Zombies were very popular in the 1980s, so the fact that one iconic zombie film managed to get made is no surprise. The original Return of the Living Dead is a fun, quirky film about gore and mutilation. More importantly, it dared to defy the zombie rules set up by Romero. Shooting a zombie in the head- that doesn't do crap! You have to burn those guys up or cut them into little, tiny pieces like in Stacy. With the popularity of the film, how do they follow it up? Do you just rehash the same ideas or try something completely new and unique? To find out, check out my review of...
The film begins by explaining the basic back-story of the series. Night of the Living Dead was based on real events and the gas that caused it is still around. Apparently, they dumped them in the same canisters as the aliens from the War of the Worlds television show. Our plot in the present involves two of the preserved zombie bodies being left in the sewer. Unfortunately, my dream of them infecting a giant alligator and giving us Alligator III: The Real Mutation does not come to be. Instead, some dumb kids open up the electronic locks placed on them by the government and unleash the gas. It looks like a mix of The Fog and the stuff that created the Teenage Mutant Ninja Turtles. After a bit too much filler and character introduction, the dead rise from the ground! By the way, if you ever wanted to see a film spoof this iconic scene with slapstick comedy, this is your film! A zombie putting on their glasses- check. A zombie who keeps getting his hand stepped on as he exits the grave- check. A zombie just flat-out falling back into his tomb like Tor Johnson- why not?!? Incidentally, two of our heroes are grave-robbers. I just wanted to mention that.Our heroes are a rag-tag group if there ever was one. We get the aforementioned grave-robbers (one old and one young), a dorky TV repairman (also our lead), a weird redhead, a senile doctor, a teenage girl and her brother. There are many other characters, but they are pretty much just there to be zombie fodder. Take, for example, the two other kids that go with our young hero. Both of them die and turn into zombies, the latter of which gets a role in the ending. Another character that gets a big role is a disembodied zombie head. Yeah, I said that. His role involves being stabbed in the head by a screwdriver, complaining about this treatment and somehow ending up at the site of the film's conclusion. How did he get there? Did he share a ride with the guy from Basket Case? After a lot of running around and yelling, our heroes flee in the doctor's car. They head to a hospital, since the two grave robbers (not from outer space) are feeling ill, since they were around the gas. Somehow I don't think that a hospital is the best place to go, guys. Then again, these are the same people who unwittingly call zombie hordes over to them two different times!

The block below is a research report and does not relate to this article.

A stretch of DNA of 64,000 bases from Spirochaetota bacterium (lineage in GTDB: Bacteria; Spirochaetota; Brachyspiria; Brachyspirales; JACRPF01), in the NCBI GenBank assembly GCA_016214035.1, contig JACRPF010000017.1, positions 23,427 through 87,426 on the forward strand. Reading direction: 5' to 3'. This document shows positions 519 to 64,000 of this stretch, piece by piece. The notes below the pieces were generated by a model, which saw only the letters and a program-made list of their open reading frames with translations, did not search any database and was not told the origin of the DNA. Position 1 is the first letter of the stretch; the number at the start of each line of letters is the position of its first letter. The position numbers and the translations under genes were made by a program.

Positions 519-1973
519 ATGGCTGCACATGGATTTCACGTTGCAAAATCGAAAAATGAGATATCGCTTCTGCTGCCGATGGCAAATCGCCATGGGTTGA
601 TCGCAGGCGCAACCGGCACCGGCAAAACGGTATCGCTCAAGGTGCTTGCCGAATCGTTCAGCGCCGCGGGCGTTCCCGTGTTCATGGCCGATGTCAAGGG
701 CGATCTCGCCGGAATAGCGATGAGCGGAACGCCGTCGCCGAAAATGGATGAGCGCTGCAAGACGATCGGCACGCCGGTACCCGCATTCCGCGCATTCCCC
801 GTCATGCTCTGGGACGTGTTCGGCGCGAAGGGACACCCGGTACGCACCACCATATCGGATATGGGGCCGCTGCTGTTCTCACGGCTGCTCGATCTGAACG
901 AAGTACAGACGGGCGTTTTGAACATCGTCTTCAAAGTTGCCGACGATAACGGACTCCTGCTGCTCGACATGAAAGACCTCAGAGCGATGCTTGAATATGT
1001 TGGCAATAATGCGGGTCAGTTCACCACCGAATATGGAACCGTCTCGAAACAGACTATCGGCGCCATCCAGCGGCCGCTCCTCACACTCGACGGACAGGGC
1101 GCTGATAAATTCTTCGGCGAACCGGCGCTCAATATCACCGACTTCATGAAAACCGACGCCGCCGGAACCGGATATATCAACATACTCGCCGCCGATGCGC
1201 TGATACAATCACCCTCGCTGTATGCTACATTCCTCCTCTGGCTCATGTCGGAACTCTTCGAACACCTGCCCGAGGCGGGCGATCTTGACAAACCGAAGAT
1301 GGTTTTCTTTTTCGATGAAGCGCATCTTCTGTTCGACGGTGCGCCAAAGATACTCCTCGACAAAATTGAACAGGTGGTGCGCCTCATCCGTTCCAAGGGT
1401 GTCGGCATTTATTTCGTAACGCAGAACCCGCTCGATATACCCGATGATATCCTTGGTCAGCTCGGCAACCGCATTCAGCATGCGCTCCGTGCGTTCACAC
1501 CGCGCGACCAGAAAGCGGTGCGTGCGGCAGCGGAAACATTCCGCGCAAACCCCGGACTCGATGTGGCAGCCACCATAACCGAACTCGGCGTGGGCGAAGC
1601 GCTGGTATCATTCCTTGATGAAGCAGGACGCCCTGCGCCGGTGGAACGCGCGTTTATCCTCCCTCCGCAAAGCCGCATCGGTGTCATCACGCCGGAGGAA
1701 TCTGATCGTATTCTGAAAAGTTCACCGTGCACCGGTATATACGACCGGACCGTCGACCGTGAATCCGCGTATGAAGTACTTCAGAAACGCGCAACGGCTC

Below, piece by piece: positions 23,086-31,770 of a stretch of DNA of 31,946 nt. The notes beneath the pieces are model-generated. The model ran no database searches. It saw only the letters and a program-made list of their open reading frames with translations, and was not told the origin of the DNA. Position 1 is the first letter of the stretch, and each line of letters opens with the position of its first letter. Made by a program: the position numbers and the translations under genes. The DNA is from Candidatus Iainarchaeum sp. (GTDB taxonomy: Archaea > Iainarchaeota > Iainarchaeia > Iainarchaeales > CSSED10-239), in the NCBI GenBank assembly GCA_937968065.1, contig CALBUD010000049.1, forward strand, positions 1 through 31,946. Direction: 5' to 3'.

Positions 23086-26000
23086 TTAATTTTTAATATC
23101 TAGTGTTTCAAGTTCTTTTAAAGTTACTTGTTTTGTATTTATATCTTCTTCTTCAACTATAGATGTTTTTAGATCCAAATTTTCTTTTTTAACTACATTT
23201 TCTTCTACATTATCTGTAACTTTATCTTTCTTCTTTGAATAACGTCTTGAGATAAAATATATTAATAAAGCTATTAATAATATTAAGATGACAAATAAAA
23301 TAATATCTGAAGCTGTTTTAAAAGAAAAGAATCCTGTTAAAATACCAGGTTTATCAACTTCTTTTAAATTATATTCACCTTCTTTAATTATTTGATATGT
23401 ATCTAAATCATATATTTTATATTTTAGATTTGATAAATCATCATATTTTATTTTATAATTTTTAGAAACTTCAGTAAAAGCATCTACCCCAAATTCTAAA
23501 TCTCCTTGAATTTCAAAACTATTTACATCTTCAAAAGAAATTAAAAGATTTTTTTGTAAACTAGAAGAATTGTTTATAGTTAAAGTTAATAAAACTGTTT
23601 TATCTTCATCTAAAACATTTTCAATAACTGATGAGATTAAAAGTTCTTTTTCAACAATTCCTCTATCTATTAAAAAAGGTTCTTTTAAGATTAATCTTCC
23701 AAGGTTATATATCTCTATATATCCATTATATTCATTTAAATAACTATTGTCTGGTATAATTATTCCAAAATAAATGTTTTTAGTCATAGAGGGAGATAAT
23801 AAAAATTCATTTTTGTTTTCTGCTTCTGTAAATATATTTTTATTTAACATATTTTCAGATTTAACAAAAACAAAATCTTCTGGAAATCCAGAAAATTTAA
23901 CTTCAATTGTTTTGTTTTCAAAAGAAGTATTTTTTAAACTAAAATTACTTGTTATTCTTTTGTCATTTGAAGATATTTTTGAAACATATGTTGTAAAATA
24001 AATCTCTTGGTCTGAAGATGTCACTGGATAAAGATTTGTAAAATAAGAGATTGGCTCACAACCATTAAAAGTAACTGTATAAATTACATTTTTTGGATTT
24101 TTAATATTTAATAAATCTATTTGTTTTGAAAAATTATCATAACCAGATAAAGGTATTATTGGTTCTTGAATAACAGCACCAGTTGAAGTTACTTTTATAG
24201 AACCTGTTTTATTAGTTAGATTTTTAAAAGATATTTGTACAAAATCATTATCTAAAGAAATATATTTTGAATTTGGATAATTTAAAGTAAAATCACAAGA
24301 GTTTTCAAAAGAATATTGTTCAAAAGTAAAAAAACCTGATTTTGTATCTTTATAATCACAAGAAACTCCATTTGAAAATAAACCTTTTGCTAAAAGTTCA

The movie dares to show you the anguish of turning from a human into a zombie. Oh wait, it just has one guy moan and complain for several minutes. The young man is more nuanced and attempts to give a rational explanation for why he needs to eat his girlfriend's brain. It is, well, odd and sort of funny. We also get numerous gore shots that are really silly. Take, for example, the man who is punched in the face by the redhead and it sinks in like someone punching a pumpkin. Another zombie gets his mouth around the same girl's hand, only for her to pull it off. The brief bit where he pulls his hand up to check on the result is priceless. After inadvertently kicking lots of zombie ass, the redhead decides to let her boyfriend eat her brains...and she dies. Thanks for coming, honey. Ultimately, our surviving heroes get trapped at the power plant and must rely on the kid to save the day. He turns on the power and zaps all of the zombies. The military show up and burn them, despite the pleas of the head. Seriously, how did it get there? The End.
This movie is not bad, but it is definitely not for everyone. It is bizarre, quirky and strange. It goes for horror at times, but mostly goes for curious laughs. They are usually not 'punch-line jokes' either- just weird moments that go unexplained. The closest they come to a normal joke is the bit where the one guy talks about having deja vu, since him and two of the others were in the original! The zombie effects are quite good, especially if you enjoy '80s prosthetic work. Personally, I would take that over crappy CGI any day of the week, so it pleased me. They absolutely revel in the ridiculous gore, from decapitations to body-splitting. The problem with the film is that it is hard to nail down. The glimpses of horror are immediately followed by physical comedy, which will just make people confused. The movie is not meant to be taken seriously, so just embrace it.